# Confusion in Cauchy Integral Formula

I am trying to calculate a simple contour integral in three different ways and am getting three different results.

$$\int_{\vert z \vert = 2} \frac{1}{z^2+1}dz$$

Method $$1$$:

Write $$\frac{1}{z^2 + 1} = \frac{1}{(z+i)(z-i)} = \frac{1/(z+i)}{z-i}$$. Since $$i \in B_2(0)$$, we can apply the Cauchy Integral Formula to get

$$\int_{\vert z \vert = 2} \frac{1}{z^2+1}dz = \int_{\vert z \vert = 2} \frac{1/(z+i)}{(z-i)}dz = 2\pi i f(i)$$

where $$f(z) = \frac{1}{z+i}$$. Hence, the integral evaluates to $$\pi$$ since $$f(i) = \frac{1}{2i}$$.

Method $$2$$:

This is almost identical to the above. Write $$\frac{1}{z^2 + 1} = \frac{1}{(z+i)(z-i)} = \frac{1/(z-i)}{z-(-i)}$$. Since $$-i \in B_2(0)$$, we can apply the Cauchy Integral Formula to get

$$\int_{\vert z \vert = 2} \frac{1}{z^2+1}dz = \int_{\vert z \vert = 2} \frac{1/(z-i)}{(z-(-i))}dz = 2\pi i g(-i)$$

where $$g(z) = \frac{1}{z-i}$$. Hence, the integral evaluates to $$-\pi$$ since $$g(-i) = -\frac{1}{2i}$$.

Method $$3$$:

Using partial fractions, $$\frac{1}{z^2+1} = \frac{1}{(z+i)(z-i)} = -\frac{1}{2i}\left(\frac{1}{z+i} - \frac{1}{z-i}\right)$$. So,

$$\int_{\vert z \vert = 2} \frac{1}{z^2+1}dz = -\frac{1}{2i} \left(\int_{\vert z \vert = 2} \frac{1}{z+i}dz - \int_{\vert z \vert = 2}\frac{1}{z-i}dz\right) = 0$$

since both integrals are $$2\pi i$$.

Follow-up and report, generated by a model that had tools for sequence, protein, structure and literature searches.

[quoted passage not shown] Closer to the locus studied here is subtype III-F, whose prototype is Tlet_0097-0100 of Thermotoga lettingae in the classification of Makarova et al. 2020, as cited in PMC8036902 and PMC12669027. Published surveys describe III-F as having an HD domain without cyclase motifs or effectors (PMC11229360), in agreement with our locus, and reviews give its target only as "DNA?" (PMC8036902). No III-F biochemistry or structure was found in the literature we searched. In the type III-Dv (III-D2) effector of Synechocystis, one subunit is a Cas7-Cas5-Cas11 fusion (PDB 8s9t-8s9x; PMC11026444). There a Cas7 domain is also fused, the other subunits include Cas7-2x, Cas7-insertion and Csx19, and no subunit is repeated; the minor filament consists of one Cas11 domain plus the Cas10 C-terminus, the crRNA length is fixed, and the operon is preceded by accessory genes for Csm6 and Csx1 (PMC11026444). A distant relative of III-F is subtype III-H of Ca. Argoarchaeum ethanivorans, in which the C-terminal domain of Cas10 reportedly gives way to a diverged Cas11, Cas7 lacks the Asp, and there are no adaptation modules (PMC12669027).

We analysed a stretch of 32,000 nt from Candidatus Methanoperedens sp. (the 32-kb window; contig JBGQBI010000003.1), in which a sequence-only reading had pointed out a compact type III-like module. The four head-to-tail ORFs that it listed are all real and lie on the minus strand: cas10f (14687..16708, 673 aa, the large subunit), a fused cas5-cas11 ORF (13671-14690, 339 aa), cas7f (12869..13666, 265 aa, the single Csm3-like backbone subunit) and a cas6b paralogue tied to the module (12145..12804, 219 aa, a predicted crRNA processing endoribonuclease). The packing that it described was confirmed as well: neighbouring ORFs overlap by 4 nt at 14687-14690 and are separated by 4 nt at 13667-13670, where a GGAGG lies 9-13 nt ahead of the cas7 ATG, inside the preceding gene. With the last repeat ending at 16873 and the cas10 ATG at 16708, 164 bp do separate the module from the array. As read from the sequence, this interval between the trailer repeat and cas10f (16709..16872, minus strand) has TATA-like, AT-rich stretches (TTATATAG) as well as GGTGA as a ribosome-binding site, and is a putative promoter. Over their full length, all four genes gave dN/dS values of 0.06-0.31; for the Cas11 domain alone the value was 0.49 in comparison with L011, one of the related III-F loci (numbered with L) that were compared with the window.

Which of these three methods is correct and why are the other two wrong? (By symmetry I feel like the third one is correct, though I also think it may be that the first two are correct but somehow represent integrating in opposite directions along the contour.)

• The function has two poles inside the contour. Commented Sep 6, 2021 at 2:11

The first two are wrong. You are forgetting an important hypothesis is Cauchy's Integral Formula. The functions $$f(z)=\frac 1{z+i}$$ and $$f(z)=\frac 1{z-i}$$ are not analytic in any region containing $$\{z: |z| \leq 2\}$$, so the formula is not applicable for these functions.

• They are not analytic inside the curve $|z|=2.$ They are analytic, where they are defined. Commented Sep 6, 2021 at 0:36
• @ThomasAndrews I am , of course, talking about applicability of Cachy's Integral Formual, so I am only looking at anayticity inside the contour. Commented Sep 6, 2021 at 5:02

There are two poles inside $$|z|=2$$, so Cauchy's integral formula leads to $$\oint_{|z|=2}\frac{dz}{z^2+1}=2\pi i \sum_{a\in\{-i,i\}}\operatorname*{Res}_{z=a}\left(\frac{1}{z^2+1}\right)=0.$$

A simpler way to provide a quick reply is to notice that $$\frac{1}{z^2+1}$$ is holomorphic in the annulus $$2\leq |z|\leq R$$ for any $$R>2$$, so

$$\oint_{|z|=2}\frac{dz}{z^2+1} = \oint_{|z|=R}\frac{dz}{z^2+1}.$$

On the other hand for any $$z$$ such that $$|z|=R$$ we have $$|z^2+1|\geq R^2-1$$, so

$$\left|\oint_{|z|=R}\frac{dz}{z^2+1}\right| \leq \frac{2\pi R}{R^2-1}$$ where the RHS converges to zero as $$R\to +\infty$$. In particular the original integral equals zero.

• (+1) This was the process I used. It does not require the computation of any residues.
– robjohn
Commented Sep 6, 2021 at 22:59